I’ve never pulled a work-related all-nighter.
I went my entire academic career never cramming for a test, or staying up until 3 am to finish a paper. I don’t personally know the feeling of seeing the sun gently creep above the horizon as I work, frantically, to finish a project.
Now, part of that can be put down to the fact that (at the risk of sounding cocky) I have cultivated decent time management skills. It’s also based on the fact that I have a very clearly defined sense of when, where, and how I am most functional.
When it comes to working at night (and especially if it involves extensive research, writing, or critical thought—all things that both my work and my university experience demanded of me in spades) I am essentially useless. Once 7 pm hits, I am no longer capable of producing good quality work. Evenings, for me, are for socializing, errands, Netflix, a glass of wine—you get the idea.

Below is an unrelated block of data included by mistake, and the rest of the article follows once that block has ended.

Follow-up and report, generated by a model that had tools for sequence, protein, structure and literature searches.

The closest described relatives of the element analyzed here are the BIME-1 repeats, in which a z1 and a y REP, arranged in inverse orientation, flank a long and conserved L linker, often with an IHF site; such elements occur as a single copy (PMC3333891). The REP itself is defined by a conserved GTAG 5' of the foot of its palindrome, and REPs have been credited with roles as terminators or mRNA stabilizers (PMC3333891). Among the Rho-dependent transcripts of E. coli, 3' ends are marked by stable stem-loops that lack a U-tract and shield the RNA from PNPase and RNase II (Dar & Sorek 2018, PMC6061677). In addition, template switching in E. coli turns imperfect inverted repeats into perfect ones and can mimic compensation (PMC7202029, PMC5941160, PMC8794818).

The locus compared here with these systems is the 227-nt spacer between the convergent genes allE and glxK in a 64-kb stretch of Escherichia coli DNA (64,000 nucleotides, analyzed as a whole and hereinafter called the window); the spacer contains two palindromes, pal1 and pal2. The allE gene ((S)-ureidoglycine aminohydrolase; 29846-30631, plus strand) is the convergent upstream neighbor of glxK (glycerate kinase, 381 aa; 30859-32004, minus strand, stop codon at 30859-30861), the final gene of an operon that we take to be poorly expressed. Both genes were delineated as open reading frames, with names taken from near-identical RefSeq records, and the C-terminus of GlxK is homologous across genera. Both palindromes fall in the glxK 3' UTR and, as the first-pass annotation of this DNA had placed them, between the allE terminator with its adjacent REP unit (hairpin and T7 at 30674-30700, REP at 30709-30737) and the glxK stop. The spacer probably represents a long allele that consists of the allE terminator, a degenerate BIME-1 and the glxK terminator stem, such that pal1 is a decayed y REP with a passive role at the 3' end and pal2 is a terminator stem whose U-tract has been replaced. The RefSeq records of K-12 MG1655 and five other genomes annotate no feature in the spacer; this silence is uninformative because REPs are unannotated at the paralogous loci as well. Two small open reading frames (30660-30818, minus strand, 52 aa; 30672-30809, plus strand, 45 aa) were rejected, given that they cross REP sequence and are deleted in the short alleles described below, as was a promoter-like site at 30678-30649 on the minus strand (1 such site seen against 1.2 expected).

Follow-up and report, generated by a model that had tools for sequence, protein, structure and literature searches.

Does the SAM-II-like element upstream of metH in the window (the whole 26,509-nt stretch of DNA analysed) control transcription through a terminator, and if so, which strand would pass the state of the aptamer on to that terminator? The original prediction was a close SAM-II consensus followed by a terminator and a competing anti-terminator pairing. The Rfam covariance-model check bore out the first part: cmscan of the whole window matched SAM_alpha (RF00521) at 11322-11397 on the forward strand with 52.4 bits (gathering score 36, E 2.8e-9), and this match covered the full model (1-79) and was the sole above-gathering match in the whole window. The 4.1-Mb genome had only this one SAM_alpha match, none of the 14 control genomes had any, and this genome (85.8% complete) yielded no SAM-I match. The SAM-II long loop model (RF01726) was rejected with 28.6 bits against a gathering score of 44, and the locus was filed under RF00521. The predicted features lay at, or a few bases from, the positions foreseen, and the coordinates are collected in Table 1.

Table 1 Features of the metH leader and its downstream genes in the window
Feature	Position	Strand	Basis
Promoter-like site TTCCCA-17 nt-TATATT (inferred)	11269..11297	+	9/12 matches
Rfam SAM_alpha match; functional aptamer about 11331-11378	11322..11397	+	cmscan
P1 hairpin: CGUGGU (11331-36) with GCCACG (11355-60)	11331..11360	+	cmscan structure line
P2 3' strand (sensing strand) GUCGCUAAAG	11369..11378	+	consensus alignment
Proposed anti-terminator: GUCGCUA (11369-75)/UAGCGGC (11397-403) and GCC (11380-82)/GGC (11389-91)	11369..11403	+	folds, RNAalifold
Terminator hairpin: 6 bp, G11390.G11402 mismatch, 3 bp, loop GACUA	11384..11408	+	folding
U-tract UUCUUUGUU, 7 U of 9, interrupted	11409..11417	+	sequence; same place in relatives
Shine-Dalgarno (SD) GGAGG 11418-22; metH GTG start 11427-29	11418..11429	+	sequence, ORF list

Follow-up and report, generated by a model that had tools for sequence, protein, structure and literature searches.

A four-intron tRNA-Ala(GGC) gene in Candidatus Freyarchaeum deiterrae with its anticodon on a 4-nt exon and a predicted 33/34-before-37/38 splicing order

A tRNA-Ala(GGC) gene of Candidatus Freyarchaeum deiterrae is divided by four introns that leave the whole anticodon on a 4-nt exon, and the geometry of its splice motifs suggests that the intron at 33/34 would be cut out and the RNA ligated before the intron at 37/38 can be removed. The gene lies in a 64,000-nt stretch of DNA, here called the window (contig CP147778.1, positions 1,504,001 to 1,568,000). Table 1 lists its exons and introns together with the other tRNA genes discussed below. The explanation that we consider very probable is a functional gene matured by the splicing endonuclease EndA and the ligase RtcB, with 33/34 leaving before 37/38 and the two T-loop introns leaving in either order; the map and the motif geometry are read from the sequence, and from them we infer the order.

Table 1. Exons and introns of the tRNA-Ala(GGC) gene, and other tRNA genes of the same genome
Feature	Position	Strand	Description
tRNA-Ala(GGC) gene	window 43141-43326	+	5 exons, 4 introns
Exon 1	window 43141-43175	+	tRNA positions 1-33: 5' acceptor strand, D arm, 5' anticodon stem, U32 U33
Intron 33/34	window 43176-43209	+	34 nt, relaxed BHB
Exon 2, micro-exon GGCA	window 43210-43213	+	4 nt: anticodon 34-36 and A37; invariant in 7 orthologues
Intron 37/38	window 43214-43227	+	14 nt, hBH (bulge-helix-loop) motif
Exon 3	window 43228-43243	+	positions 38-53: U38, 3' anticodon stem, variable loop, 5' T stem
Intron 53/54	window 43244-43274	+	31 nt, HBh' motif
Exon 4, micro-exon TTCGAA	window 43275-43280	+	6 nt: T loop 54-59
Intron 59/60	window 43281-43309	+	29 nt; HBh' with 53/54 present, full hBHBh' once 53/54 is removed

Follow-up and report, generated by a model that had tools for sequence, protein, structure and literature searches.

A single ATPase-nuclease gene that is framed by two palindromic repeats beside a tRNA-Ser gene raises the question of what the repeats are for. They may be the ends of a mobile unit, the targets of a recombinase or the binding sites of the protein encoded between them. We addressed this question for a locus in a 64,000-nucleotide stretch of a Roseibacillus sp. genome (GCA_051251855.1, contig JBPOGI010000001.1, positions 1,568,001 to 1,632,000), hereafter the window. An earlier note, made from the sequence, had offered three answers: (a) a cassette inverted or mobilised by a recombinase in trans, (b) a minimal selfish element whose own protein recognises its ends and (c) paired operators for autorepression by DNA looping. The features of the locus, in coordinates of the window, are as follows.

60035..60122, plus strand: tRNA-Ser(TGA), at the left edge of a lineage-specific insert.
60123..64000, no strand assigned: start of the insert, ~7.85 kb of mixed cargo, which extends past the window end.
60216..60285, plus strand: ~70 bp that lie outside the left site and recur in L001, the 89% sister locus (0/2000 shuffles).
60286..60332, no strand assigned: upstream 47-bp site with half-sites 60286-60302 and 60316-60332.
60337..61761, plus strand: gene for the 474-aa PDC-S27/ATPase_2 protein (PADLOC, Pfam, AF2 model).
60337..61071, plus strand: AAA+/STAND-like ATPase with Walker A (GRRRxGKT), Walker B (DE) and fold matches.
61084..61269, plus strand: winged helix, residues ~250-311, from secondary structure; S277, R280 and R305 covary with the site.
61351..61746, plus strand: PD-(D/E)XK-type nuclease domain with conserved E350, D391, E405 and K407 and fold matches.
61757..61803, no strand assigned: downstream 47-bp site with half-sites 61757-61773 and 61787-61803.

Though I could choose to power through, I prefer to take a different approach. Instead of forcing myself to do work in a context in which I know my output will be inferior, I make an effort to work with what I know suits my work preferences. This brings us to the idea of the “user manual.”
Creating your own “user manual”
The longer we spend working (whether that be at school, at our jobs, starting our businesses, or on pet projects), the more evident it becomes that we have certain times of day and environments that encourage us to do our best work.
You might have discovered that you prefer to do emails in the morning over coffee (or they just won’t get done), that the Pomodoro technique really helps you focus on projects, or that you do your best creative work while listening to a classical radio station with noise canceling headphones.
Rather than simply letting this information float around in your mind and disappear just as quickly, consider honing in on it.
Spend some time determining where you work best, what time of day you get the most done, and what atmosphere you require to be as productive, creative, and efficient as possible. What systems need to be put in place to help maximize your output? How can you optimize your environment, lifestyle, and surroundings to get the best possible out of yourself?
In essence, you’re creating what I’ll be referring to in this article as your own personal user manual.
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